NASHVILLE, Tenn. — Vanderbilt’s senior class has been through more than most of their peers in the college football landscape: the COVID-19 pandemic, a winless season, a coaching change.
These and other factors were enough for many former Commodores in recent years to decide to choose a different path. There are a handful, however, who arrived in the summer of 2018 or 2019 who decided to stay and give their all for Vanderbilt football.
That group will be recognized Saturday when Vanderbilt plays its regular season finale at 6:30 p.m. Saturday against rival and 10th-ranked Tennessee. Anfernee Orji is proudly part of this small faction of the program.
“It’s unique, but I wouldn’t change it at all,” Orji said of his time in Nashville. “I feel like my career here has been amazing.”
Currently the top tackler in the Southeastern Conference with 9.4 saves per game, Orji came to Vandy in 2019 somewhat in the shadow of older brother Alston Orji. Alston had arrived at Vanderbilt the previous summer and played 11 games as a true freshman during the 2018 season.
Both brothers had become stars in Rockwall, Texas, although they were more focused on academics than athletics for most of their youth. Their prowess on the football field quickly became undeniable as each developed into four-star recruiting prospects as stars at Rockwell High School.
Alston and Anfernee played together during the 2019 and 2020 seasons at Vandy before Alston decided to leave Vanderbilt. Alston ended his career earlier this season after playing a few games for Campbell and then deciding to retire from the sport.
Anfernee, meanwhile, has become a leader and defensive mainstay for the Commodores. He has led Vanderbilt in tackles for the past three seasons and has increased his tally with each consecutive campaign.
Orji’s 102 saves in 2022 is a career high and the 6-foot-2, 230-pound linebacker enters the weekend with 266 career saves to his name. He put himself in a position to continue his playing career as a professional.
“I feel like an NFL player, but that’s never enough,” Orji said. “There is always more to give. I feel like I’ve improved throughout my career and I feel like I can still improve in the years to come.
“Everyone in college football wants to play in the NFL, but I have to focus on the moment to be able to make it happen.”
The youngest son of a surgeon and a computer engineer from Nigeria, Orji is set to graduate in December with a degree in science and technology communication and hopes to combine his interest in business with engineering in his future projects. Orji’s involvement with the Omega Psi Phi fraternity and with Vanderbilt’s Black Student Athlete Group has allowed him to develop relationships he never imagined possible, he said.
Orji has also shown a willingness to go above and beyond for those in need.
On January 31, in Nashville, Laura Fisher was reportedly struck by a light commercial vehicle and suffered numerous serious injuries. Fisher’s boyfriend, Greer Martini (now at LSU), was at the time a defensive quality control coach for Vanderbilt football.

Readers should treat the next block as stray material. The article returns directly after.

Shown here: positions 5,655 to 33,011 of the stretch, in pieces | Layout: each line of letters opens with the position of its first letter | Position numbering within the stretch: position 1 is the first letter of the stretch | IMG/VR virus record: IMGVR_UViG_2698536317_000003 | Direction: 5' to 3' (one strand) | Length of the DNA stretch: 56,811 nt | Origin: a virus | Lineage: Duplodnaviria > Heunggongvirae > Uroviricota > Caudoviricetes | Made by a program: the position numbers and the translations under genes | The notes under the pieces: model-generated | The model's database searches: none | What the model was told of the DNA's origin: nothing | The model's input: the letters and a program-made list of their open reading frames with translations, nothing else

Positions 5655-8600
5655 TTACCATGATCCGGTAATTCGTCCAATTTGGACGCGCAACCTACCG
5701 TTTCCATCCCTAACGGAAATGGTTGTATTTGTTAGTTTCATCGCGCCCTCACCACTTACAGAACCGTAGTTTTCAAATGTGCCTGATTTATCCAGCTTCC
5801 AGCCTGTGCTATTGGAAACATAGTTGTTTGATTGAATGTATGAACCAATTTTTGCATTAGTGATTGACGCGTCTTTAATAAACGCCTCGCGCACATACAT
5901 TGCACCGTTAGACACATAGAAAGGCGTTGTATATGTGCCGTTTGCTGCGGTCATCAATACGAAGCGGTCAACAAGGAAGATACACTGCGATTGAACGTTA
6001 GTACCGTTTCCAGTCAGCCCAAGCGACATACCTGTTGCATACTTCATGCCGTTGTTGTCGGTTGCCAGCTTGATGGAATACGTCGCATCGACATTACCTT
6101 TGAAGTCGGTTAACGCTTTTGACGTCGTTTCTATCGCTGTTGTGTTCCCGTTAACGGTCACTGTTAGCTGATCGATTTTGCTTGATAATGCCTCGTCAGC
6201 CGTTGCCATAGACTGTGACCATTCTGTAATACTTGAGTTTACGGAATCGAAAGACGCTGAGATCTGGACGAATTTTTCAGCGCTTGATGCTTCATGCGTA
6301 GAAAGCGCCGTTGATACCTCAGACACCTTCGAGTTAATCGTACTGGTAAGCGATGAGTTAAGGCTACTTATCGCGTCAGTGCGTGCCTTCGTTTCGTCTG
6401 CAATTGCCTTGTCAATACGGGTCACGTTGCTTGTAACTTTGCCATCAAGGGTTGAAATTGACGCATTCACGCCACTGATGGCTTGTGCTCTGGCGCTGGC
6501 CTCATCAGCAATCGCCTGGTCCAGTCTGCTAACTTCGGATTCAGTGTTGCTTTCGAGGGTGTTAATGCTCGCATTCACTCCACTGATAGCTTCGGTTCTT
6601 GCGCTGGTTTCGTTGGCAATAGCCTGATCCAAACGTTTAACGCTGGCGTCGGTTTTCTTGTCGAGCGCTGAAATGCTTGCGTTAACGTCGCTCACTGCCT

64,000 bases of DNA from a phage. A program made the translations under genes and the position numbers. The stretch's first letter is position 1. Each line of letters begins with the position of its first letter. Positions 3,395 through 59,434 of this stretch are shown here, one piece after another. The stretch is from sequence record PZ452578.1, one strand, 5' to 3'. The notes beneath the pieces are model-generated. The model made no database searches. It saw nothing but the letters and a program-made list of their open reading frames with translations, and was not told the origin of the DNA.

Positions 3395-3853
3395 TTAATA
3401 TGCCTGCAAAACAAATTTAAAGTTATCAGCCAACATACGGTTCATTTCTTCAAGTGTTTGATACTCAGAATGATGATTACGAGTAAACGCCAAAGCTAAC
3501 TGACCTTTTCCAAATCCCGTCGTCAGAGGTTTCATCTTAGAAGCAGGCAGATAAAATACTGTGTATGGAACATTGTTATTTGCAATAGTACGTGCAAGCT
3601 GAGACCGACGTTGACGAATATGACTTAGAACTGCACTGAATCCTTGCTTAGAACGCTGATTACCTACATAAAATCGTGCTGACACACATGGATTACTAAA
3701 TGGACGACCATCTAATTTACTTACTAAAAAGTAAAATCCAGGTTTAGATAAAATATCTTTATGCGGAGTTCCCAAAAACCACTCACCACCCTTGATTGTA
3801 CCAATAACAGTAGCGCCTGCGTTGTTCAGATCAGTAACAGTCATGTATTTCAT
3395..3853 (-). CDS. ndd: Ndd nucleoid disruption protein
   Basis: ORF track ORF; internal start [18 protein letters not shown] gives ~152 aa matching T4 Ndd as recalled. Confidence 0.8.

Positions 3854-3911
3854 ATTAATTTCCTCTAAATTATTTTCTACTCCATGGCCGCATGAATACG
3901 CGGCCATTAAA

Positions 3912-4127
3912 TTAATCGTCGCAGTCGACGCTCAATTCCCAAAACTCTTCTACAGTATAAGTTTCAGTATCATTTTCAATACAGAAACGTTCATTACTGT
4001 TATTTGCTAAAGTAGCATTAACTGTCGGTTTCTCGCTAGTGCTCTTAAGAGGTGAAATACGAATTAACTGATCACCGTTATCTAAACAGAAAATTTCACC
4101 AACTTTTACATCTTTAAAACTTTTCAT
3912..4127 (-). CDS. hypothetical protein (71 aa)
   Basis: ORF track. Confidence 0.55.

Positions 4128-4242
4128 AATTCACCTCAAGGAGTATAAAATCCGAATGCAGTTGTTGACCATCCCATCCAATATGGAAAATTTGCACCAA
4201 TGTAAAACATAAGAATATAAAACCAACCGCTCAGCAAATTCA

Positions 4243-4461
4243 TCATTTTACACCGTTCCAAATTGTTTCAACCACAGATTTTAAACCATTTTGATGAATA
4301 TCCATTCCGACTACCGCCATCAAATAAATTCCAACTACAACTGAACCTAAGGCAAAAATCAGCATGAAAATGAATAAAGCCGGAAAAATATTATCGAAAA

Orji and current Florida State offensive lineman Dillan Gibbons moved quickly to help raise money for Fisher’s medical bills through a GoFundMe website which to date has raised nearly 73 $000.
“I couldn’t imagine losing a loved one. So in any way I could help ease the pain, I knew the cost was going to be insane,” Orji said. “I feel like that’s why (name, image, likeness) became a thing because of things like this, so we can help other people and help people who really need it. the opportunity to do so is simply amazing.
This week of preparation for Orji was much like any other as he and the Commodores (5-6, 2-5 SEC) prepared to face the Volunteers (9-2, 5-2 SEC). Orji has spent the last few days training, training, rehabilitating and preparing for what could be his last black and gold outing if he decides to devote himself entirely to professional football after the season.
Orji also spent time chatting with Alston and his younger brother Alex Orji, a freshman quarterback at Michigan, about football, school, music, movies and life. The Vandy linebacker is trying to stay focused on the present while acknowledging that Saturday will likely be the last round for a group that has done everything it can for the Commodores.
“I feel like the most important thing is that we’re still here,” Orji said of his senior teammates. “We had to go through the COVID and the 0-9 season, we had the change of coach, we had to go through all that but we are still here. It shows you just how tight-knit this senior class really is.
“Vanderbilt football is a part of me. I chose to come here. I chose to stay here. I tried to give my all for this program and this team. I love Vanderbilt football until my death.
— Chad Bishop covers Vanderbilt for VUCommodores.com.
follow him @MrChadBishop.